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Date Published

If the specification under consideration contains statements of prior art and/or the problem to be overcome, these may be of assistance when ascertaining the essential features.

In Sebel Properties v Fagaleo Pty Ltd (1989) 14 IPR 524, claim 1 defined a writing tablet for a chair or other furniture which comprised a support bracket, a pivot on the support bracket making an angle of about 45° with the vertical, and a writing tablet pivoted on the pivot and making an angle of about 45° with the pivot. In use, the support bracket could be secured to a chair, or to the floor adjacent the chair, allowing the tablet to be rotated about the pivot from a horizontal (writing) position. The prior art disclosed a rotating writing tablet which operated in the same way, but which in use was secured directly to the chair without using a support bracket.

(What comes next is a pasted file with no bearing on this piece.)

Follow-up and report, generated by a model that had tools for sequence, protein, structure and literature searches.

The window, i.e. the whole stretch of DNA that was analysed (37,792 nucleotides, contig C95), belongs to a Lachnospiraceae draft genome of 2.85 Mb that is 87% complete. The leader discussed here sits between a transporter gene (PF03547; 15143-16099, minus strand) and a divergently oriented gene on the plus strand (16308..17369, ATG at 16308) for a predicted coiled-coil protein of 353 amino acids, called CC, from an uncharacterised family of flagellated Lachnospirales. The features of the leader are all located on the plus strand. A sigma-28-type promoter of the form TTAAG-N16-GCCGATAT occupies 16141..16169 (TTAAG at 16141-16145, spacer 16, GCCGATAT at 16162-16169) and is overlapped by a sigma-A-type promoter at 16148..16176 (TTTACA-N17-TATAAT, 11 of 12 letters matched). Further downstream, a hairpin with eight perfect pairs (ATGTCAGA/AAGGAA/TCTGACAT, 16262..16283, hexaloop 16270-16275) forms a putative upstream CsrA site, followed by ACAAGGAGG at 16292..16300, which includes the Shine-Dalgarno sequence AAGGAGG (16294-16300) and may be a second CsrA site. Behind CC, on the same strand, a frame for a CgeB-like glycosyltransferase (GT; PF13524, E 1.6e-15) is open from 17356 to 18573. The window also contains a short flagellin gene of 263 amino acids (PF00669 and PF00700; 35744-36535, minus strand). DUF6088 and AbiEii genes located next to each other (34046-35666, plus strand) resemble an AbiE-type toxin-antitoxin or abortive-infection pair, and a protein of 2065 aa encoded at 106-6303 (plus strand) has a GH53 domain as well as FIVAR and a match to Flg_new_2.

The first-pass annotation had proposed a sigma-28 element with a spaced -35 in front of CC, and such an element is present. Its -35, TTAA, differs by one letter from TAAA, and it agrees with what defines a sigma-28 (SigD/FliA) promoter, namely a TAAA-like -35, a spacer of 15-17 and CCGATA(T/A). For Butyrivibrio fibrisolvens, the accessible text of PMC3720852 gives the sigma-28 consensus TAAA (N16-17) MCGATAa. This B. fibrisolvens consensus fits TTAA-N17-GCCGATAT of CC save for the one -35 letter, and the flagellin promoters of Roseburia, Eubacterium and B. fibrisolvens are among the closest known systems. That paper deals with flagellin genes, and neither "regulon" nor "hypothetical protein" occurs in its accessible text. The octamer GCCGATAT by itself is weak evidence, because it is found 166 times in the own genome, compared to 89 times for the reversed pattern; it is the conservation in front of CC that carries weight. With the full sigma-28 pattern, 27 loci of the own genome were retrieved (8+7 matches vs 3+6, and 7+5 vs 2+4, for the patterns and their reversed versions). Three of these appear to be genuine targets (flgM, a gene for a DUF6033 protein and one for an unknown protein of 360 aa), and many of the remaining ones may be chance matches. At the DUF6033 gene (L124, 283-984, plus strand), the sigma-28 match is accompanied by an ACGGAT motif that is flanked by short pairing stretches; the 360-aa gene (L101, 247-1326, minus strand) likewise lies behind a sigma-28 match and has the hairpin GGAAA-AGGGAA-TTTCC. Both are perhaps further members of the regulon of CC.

The court decided that the support bracket was an "immaterial variant" of the prior art device and was therefore inessential. However, the significance of this feature could also be deduced from the stated object of the invention, which was to simply provide a tablet which could be rotated in a single movement from a horizontal or writing position. No emphasis was placed on the means by which the writing tablet was secured to the chair or other furniture. On the basis of this statement it could be logically argued that the inclined pivot arrangement, and not the support bracket, was essential to the invention.

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